I believe what's weighing on a lot of Amherst students' minds right now is the changing season. We had a pretty warm, mild fall, but the last week or so has taken us all off guard because it's been so cold and windy. Also, folks, the sun goes down before 4:30pm nowadays! How, might you ask, do students cope with the cold? I can't speak for all students, but here are some of my strategies for staying warm:

1) Drink hot beverages while Val sitting. You mustn't underestimate the warmth and comfort that accompanies sipping some of Val's hot chocolate, tea, or coffee with friends while watching the wind blow the leaves around outside. Val is open all day, so that you can spend as long as you want in there, accumulating as many mugs of hot beverages as your heart desires.

2) Bake! There's nothing better than eating some nice warm cookies or pie on a cold day. Not all the dorms have kitchens, but many do! You can invite a bunch of friends to pitch in to buy ingredients. Baking is currently on my mind because yesterday I had the amazing opportunity to learn to bake an apple pie the proper way with one of Amherst's very own chefs. Here are some pictures from the afternoon, which truly warmed my heart!

  Apple pie!!

                   Apple crumble! Note the beautiful, ridged edges. 

Krista in Val hat

                                Me ft. Val Dining Services hat!

Pie Lesson

      "Don't be afraid to use a lot of flour"

Pies Baking

So many pies!!! (I don't pick up the finished product until later today, but I'm sure it will be beautiful)

3) Remind yourself of warmer times. This might not work for everyone, but as a Psychology major, I truly believe in the power of positive thinking! Surrounding myself with summer-like things makes me feel warm and happy. As a treat to myself, I've gone to Amherst Nails a couple times semester, and I've gotten bright-colored nail polish with flower designs. I also took the PVTA bus over to Smith College a couple weeks ago with my family during Amherst's family weekend for Smith's annual chrysanthemum show. They created a tiny, breathtaking piece of summer there!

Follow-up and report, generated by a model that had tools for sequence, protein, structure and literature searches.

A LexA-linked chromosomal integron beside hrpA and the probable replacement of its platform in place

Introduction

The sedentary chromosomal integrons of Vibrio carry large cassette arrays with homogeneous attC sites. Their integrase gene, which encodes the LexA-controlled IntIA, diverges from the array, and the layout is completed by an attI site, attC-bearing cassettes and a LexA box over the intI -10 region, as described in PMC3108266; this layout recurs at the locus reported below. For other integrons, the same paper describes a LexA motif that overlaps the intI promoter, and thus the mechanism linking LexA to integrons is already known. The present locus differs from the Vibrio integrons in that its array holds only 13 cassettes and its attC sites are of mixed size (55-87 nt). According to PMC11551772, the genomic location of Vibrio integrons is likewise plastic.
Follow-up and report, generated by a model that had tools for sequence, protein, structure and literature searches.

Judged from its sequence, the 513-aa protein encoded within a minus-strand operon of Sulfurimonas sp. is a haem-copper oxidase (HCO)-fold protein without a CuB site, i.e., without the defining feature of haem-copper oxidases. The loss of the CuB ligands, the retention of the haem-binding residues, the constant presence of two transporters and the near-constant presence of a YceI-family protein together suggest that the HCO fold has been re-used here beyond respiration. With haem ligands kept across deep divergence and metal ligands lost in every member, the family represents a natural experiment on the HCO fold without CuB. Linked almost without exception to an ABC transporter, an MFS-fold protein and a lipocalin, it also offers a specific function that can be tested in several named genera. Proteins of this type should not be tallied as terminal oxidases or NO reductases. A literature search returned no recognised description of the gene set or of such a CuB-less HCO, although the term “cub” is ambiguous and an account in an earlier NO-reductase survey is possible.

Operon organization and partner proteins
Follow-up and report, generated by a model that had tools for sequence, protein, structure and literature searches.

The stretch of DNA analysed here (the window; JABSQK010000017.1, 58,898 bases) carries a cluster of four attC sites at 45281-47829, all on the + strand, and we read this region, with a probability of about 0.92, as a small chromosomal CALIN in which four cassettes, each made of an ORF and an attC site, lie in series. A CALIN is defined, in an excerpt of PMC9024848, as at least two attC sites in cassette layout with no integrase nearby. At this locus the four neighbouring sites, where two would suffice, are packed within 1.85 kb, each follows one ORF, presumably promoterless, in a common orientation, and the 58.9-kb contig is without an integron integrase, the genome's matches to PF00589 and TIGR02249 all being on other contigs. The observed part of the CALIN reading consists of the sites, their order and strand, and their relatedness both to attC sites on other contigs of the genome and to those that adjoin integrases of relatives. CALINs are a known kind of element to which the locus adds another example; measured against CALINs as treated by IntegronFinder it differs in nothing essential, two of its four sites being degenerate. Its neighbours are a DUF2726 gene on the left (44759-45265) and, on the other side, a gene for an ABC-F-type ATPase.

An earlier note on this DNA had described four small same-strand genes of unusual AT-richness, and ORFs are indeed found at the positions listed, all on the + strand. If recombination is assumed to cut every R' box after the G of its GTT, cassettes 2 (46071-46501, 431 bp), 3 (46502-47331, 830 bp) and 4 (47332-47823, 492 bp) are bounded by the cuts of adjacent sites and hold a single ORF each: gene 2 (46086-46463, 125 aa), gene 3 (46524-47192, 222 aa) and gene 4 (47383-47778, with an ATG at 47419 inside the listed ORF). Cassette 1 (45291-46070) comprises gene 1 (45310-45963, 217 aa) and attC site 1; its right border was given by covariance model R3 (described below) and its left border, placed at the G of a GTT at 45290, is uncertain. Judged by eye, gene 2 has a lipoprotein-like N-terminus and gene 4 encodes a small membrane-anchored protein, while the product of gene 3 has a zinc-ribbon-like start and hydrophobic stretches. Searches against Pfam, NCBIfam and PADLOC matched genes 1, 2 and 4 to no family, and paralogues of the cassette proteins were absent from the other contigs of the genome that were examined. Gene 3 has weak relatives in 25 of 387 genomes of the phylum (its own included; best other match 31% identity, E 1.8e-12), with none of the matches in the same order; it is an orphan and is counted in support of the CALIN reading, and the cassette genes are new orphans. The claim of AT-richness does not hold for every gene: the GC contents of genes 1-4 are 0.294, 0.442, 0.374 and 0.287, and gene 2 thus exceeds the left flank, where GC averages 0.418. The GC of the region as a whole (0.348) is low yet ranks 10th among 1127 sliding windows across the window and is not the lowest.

Happy nails

               My friend Olivia and I got our nails done, and the fourth finger has a beautiful flower design. 

Family at the chrysanthemum show

   My family (minus my brother Eddie!) at the Smith College chrysanthemum show

4) Hang out by the fire pit. Over the summer, we built a new fire pit right outside of our student center, and on many nights, there's a fire going. You can stop by to warm up and even make a s'more if you want to! It's really easy to sign up to use the fire pit with your friends or with a club/team that you're involved with.  

5) Check out the Sabrinas' youtube page. Okay, so this one isn't so much about staying warm. But here's the link to my a cappella group singing "Colder Weather", which inspired the title for this post! You can also check out some of our other songs... there are definitely some about warmer weather, such as "Summertime" :)

Enjoy your Thanksgiving!

 

What's a senior thesis?

Hi, everybody! I’m back and ready to share with you about my first month as a senior!